Tools around 9,000 BC

The Globe




Southwest Asia

We earlier noted the desertion of most or all of the original Natufian settlements of Palestine in the first half of the ninth millennium and the subsequent appearance of tanged, notched, or tanged-and-notched arrowheads in the few remaining or reoccupied sites. In Syria the Natufian-related settlement at Abu Hureyra was also abandoned midway in the ninth millennium and a new site, soon to be stocked with several types of arrowhead, was established at Mureybet on the Syrian Euphrates. (Plato Prehistorian)

The presence of large, single-bladed sickles alongside the weapons at Mureybet III and contemporary Palestinian sites further recalls the use of a sickle in the Zeus-Typhon battle. Sickles with multiple microflints hafted in horn had been known to the Near East since Early Natufian times, but the new long blades would presumably have made better weapons, symbolic or real. In any case, it is the introduction of a new type of sickle, at a time that also saw the raising of defensive fortifications and a sudden profusion of arrowheads in the east Mediterranean Levant, that catches our attention. (Plato Prehistorian)


The tanged-and-notched points at Helwan in Lower Egypt have also been assigned to this period, and in the Negev desert this same mid-to-late ninth millennium epoch saw the introduction of Harifian points, arrowheads fashioned with either a pinched little tang or a triangular base. (Plato Prehistorian)

Indus Valley





First recognized at Le Mas d' Azil (a cave in Arige, France), the Azilian culture was a declining remnant of scattered Magdalenian communities. It lasted from 11,500 to 11,000 years ago. Centered in the Pyrenees region, it spread to Switzerland, Belgium, and Scotland, and was one of the earliest representatives of Mesolithic (Middle Stone Age) culture in Europe. Bone and flint items were less refined, with a focus on small, geometric-shaped tools commonly used in composite tools called microliths. Bone work was limited to crude, flat, barbed points. Schematically painted pebbles have also been found at several Azilian sites. Some think these were the beginnings of a simple alphabet. (Before the Pharaohs)

…the Magdalenian domination of western Europe gave way first to the makers of curved-back points and then, in the ninth millennium, to the Tanged Point Technocomplex, whose main varieties of stemmed arrowheads are shown at left. Wolfgang Taute's thoroughgoing research counted some 372 tanged-point "find spots" in northern Europe alone; their clustering around the present-day coastline suggests the loss of a good many more to the postglacial. (Plato Prehistorian)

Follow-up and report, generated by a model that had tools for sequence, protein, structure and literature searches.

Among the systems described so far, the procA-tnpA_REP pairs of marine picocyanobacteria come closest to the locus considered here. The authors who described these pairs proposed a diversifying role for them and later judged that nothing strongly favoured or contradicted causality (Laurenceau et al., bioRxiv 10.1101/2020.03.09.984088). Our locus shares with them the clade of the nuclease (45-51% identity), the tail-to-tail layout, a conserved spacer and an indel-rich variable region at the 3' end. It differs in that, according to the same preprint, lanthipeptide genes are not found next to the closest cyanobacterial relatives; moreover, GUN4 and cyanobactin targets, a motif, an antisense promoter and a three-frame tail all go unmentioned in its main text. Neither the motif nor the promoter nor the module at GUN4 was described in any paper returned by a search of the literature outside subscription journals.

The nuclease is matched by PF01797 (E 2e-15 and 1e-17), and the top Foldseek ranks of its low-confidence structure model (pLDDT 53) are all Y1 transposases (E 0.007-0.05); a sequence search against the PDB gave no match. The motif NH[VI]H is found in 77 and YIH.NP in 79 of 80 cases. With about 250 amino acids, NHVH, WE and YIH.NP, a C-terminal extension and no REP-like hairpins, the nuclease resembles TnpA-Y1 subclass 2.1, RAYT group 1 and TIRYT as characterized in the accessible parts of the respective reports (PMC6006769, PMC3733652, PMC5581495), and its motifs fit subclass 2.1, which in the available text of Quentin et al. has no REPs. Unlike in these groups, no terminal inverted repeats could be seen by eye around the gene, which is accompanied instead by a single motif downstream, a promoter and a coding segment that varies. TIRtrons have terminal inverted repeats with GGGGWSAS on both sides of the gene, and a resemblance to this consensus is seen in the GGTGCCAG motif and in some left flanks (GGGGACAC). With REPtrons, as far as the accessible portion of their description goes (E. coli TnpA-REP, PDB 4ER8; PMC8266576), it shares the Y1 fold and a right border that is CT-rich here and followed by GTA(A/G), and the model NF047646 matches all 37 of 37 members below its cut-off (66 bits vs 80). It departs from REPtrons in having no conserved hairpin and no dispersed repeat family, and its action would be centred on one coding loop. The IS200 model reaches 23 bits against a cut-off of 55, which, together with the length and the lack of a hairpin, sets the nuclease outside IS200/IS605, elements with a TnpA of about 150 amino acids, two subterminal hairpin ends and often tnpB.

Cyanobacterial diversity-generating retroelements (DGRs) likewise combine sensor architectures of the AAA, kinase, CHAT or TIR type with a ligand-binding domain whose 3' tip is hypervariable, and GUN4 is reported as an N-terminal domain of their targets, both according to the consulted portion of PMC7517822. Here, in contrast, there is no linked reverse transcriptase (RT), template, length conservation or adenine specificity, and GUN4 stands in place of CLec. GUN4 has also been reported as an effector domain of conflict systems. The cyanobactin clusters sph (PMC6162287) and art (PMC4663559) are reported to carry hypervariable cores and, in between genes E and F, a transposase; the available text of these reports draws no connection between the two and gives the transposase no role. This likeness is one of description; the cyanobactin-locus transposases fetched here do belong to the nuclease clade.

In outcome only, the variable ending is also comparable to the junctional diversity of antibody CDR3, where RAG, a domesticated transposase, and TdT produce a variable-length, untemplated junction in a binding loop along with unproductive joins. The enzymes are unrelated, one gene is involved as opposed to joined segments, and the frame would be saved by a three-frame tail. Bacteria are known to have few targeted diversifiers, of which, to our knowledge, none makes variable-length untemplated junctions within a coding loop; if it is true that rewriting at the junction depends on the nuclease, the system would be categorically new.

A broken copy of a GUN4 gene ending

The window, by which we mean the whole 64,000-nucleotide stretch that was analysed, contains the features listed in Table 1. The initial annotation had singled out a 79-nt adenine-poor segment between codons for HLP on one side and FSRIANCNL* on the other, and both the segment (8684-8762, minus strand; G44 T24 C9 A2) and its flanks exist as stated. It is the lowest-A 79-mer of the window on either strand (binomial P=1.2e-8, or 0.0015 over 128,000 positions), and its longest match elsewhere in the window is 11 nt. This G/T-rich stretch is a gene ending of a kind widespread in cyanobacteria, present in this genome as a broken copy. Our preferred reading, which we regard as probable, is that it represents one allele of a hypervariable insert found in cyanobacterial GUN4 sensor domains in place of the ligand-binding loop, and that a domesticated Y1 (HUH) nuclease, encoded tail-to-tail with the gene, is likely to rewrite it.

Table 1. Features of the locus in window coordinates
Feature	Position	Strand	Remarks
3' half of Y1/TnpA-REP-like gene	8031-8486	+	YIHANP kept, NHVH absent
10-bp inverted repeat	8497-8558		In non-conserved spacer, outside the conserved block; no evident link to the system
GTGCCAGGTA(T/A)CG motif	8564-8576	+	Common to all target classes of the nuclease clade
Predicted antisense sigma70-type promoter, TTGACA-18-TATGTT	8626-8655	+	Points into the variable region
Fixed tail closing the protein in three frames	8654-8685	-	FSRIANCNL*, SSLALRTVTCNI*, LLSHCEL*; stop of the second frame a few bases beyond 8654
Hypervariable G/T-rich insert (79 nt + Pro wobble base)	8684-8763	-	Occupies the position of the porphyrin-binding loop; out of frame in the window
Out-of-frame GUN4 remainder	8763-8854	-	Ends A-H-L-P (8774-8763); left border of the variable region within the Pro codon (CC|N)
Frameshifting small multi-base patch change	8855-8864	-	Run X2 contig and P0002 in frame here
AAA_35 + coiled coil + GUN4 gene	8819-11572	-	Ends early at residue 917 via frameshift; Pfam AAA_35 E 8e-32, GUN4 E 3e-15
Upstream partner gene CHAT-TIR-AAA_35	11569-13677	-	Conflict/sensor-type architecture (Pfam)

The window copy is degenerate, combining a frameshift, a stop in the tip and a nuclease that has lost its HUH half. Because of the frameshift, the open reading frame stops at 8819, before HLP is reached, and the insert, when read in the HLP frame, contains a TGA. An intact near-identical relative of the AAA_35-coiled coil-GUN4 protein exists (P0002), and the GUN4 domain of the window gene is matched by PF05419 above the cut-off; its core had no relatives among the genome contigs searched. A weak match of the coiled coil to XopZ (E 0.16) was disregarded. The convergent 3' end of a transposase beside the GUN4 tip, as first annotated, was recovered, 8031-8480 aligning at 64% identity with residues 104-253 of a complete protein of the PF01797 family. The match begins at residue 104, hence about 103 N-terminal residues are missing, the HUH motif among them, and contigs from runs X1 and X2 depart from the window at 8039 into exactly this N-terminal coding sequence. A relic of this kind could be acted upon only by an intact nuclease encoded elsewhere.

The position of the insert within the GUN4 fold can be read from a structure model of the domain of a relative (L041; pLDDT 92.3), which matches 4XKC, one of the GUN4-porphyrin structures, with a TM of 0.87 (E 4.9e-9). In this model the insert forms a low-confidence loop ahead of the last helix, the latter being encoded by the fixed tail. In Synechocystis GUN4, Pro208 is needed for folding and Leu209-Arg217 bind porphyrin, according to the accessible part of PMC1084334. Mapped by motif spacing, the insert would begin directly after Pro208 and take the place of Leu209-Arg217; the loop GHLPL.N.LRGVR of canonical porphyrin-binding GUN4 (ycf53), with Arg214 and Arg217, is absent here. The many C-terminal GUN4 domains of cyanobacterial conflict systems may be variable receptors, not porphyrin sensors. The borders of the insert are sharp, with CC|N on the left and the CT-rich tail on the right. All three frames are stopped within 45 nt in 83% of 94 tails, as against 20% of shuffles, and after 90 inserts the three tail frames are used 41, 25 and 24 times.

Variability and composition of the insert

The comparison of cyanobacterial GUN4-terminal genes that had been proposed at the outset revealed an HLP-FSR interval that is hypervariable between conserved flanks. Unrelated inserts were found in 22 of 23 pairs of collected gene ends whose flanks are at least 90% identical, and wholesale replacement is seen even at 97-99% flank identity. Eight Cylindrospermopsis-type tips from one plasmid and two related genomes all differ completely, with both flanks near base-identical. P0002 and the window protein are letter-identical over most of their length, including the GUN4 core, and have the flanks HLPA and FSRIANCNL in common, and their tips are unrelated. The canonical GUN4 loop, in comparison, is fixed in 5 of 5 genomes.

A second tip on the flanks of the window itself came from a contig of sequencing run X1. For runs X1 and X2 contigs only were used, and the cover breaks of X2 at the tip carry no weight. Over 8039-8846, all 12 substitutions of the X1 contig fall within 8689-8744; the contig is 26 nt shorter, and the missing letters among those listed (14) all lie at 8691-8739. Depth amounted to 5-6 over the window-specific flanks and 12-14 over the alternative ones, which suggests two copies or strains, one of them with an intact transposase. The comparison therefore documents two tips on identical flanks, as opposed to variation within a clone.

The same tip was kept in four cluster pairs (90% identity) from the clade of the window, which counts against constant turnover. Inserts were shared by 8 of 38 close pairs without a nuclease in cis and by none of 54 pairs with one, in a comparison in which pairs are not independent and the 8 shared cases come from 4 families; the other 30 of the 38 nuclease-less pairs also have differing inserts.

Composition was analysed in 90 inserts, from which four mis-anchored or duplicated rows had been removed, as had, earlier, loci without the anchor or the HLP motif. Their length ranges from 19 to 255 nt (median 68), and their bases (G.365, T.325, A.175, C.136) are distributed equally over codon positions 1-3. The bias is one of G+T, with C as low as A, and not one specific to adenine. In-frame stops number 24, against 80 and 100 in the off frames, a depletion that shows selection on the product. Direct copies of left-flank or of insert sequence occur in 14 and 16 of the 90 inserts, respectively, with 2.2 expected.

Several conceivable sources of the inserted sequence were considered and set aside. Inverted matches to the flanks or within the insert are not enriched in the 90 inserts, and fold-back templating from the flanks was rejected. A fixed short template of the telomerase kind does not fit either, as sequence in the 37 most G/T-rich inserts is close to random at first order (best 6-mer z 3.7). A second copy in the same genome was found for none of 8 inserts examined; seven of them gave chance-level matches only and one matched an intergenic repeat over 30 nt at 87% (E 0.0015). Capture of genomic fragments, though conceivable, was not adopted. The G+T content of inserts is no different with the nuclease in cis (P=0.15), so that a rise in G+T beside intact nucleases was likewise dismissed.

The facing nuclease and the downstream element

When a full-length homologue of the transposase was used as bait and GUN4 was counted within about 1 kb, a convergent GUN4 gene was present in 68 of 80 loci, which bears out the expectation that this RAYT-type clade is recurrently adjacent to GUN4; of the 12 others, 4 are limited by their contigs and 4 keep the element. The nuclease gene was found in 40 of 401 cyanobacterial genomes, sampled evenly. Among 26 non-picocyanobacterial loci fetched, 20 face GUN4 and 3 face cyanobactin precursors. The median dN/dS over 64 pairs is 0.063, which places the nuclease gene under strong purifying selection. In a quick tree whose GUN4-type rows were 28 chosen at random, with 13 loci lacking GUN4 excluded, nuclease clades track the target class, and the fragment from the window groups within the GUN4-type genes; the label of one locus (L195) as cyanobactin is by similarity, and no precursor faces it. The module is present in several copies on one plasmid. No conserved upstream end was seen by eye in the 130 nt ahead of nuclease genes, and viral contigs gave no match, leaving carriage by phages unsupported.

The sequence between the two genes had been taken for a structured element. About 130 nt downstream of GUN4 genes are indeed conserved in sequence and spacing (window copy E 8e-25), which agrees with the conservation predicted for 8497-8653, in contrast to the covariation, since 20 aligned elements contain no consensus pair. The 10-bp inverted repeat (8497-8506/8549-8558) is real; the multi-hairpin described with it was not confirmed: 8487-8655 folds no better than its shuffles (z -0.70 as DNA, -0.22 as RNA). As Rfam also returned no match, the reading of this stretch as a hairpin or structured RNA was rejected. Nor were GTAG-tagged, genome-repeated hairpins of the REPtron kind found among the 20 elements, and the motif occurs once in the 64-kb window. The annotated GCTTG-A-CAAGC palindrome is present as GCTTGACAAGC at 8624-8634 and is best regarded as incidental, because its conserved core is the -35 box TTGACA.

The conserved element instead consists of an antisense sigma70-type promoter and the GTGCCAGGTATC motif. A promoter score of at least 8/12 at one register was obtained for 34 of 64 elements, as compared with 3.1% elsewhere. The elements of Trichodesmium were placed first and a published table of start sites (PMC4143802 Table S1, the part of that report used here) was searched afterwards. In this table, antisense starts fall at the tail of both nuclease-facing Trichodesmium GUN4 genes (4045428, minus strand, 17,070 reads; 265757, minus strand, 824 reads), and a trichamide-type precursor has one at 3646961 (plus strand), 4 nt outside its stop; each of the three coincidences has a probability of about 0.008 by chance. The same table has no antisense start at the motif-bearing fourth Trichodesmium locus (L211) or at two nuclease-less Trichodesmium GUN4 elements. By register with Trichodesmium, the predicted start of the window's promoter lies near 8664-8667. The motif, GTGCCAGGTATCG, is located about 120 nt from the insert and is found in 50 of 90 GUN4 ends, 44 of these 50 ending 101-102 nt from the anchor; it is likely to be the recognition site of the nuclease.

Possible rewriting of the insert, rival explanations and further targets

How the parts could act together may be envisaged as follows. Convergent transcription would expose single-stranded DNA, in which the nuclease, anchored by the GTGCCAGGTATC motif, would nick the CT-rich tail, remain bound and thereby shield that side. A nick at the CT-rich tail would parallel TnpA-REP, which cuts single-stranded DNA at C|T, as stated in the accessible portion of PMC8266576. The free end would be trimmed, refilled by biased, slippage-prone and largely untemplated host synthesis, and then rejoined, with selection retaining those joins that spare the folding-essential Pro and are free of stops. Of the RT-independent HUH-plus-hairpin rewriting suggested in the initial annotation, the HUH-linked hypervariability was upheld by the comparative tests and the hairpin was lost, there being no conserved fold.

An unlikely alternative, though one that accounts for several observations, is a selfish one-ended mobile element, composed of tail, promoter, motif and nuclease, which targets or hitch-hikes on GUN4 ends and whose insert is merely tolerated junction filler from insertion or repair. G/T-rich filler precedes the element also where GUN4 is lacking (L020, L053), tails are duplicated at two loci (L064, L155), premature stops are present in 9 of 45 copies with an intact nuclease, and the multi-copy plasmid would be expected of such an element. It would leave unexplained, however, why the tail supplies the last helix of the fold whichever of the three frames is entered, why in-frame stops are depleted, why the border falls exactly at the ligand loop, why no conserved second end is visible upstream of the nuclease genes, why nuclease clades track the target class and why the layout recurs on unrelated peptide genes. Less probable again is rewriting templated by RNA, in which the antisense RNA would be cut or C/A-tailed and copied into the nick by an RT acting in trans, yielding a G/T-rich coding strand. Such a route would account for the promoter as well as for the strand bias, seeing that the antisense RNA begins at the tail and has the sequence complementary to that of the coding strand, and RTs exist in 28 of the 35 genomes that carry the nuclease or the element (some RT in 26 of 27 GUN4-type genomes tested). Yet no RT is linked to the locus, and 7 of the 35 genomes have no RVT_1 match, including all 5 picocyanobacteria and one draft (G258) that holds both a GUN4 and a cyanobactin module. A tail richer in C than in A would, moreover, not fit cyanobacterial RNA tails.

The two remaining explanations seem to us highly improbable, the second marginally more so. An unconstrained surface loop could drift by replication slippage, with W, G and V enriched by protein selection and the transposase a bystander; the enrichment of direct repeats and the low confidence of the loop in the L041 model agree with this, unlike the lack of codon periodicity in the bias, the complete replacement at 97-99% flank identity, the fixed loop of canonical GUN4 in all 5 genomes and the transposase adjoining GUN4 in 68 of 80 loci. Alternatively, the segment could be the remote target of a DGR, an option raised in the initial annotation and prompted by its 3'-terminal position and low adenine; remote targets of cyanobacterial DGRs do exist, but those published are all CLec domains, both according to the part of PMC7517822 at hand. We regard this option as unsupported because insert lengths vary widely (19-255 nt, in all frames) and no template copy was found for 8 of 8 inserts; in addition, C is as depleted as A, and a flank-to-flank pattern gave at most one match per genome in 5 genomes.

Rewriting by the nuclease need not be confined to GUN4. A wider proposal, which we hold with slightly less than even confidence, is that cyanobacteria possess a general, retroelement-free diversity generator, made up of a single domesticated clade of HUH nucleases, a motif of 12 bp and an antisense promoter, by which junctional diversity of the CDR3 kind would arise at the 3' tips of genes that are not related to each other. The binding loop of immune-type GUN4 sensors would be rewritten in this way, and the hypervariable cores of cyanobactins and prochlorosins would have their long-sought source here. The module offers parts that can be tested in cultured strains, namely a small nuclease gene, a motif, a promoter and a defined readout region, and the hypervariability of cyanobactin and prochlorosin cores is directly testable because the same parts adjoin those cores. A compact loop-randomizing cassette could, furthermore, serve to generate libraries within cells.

But if these several types of tanged points were indeed the weapons of war - and specifically the weapons of Plato's war, the concurrent appearance of arrowheads in the Near East further suggests - the question of who made them is still a puzzle. (Plato Prehistorian)

In Western Europe...the Aurignacian tradition consisted of a specific set of tools that included retouched blades, engraving tools called burins, and stone scrapers, and it is dated to between 34,000 BP and 27,000 BP. From 27,000 BP to 21,000 BP the Gravettian tradition delveloped, with its emphasis on smaller blades and denticulate knifes. The Solutrean tradtition, dated from 21,000 BP to 16,000BP, is the most striking of all, characterized by finely made, bifacially flaked, symmetrical, leaf-shaped projectile points. Solutrean points are amoung the most finely made stone tools ever found. The Solutrean was followed by the Magdelanian, from 16,000 BP to 11,000 BP, when the emphasis was not on stone tools at all but rather on bone and antler, with the attendant production of microblades. (The Past in Perspective)

South America




North America

Around 11,000 years ago Clovis points are abruptly replaced by a smaller, more finely made model now known as Folsom points (after a site near Folsom, New Mexico, where they were first identified). The Folsom points are often found associated with bones of an extinct wide-horned bison, never with the mammoths preferred by Clovis hunters. (The Third Chimpanzee)

On the more traditional front, archaeologists have uncovered evidence of advanced culture and mining activities in Wisconsin dating back to at least 9000 BCE. At sites like Oconto and Osceola' copper artifacts, including spears, arrow points, knives, adzes, gouges, fishhooks, and harpoons have been found in association with textiles, drilled beads, and even bone flutes that can still be played. (The Giants Who Ruled America)